The Golden Gates

The Golden Gates in Kiev was constructed during the Kievan Rus period, and is a UNESCO World Heritage site. The monument was part of this defensive structure and served as a grand entrance to the city. In 1970, a pavilion was built over the ancient ruins to not only protect the gates from decay, but also to recreate the original appearance of the monument.

Saint Nicholas Roman Catholic Cathedral

Saint Nicholas Roman Catholic Cathedral is considered a true architectural masterpiece. It attracts attention with a stylised Gothic form and spectacular exterior decoration. The facade of the building has two bell towers, 64 metres (204 feet) high. Nowadays, it functions as a concert hall for the House of Organ and Chamber Music.

Mariyinsky Palace

This beautiful palace, formerly known as Tsarskoe, is located next to the Verkhovna Rada (Parliament) building and is the ceremonial residence of the President of Ukraine. The Mariyinsky Palace was built in 1744 by the Italian Baroque architect Bartolomeo Rastrelli. Today, it hosts various events of national importance such as receptions, summits and awards, as well as meetings of official delegates from all over the world.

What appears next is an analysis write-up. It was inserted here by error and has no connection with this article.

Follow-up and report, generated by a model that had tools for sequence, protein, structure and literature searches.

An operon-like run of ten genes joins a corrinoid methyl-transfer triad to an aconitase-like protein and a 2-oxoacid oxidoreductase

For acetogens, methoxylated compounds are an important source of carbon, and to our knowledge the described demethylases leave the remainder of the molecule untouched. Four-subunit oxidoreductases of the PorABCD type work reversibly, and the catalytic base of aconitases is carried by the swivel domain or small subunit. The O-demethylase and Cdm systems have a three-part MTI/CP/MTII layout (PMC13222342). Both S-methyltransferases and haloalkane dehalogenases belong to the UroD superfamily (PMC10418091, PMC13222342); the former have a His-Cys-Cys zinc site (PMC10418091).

National Opera of Ukraine

The building of the National Opera of Ukraine, was built in the style of the French Neo-Renaissance and continues to be one of the most famous ballet and opera centres in Europe, on a level with the Bolshoi Theatre in Moscow and the Mariinsky Theatre in St. Petersburg. At the same time, all three theatres are united by a common Russian ballet school, and their specialists often collaborate with colleagues from other cities.

Chernobyl Exclusion Zone’ tour

The Chernobyl accident was one of the most disastrous nuclear incidents in history that still has negative environmental and health repercussions to this day. The 30km exclusion zone is located a 2-hour drive north of Kiev, close to the Belarusian border. Without a doubt, my two-day tour of the Chernobyl Exclusion Zone was a stand-out moment from my Ukranian travels. It is a legal requirement to obtain the correct permits, and it’s easiest to hire a private guide or join a tour to enter the exclusion zone. During the tour, you’ll explore the abandoned town of Pripyat, spot wildlife, meet original residents who have returned to live inside the zone and you can enjoy a cafeteria meal with the nuclear plant workers in the Chernobyl staff canteen. Despite the invisible radiation, as long as you follow the rules, it’s as safe as a transatlantic flight, and a completely disturbing, educational, and unforgettable experience.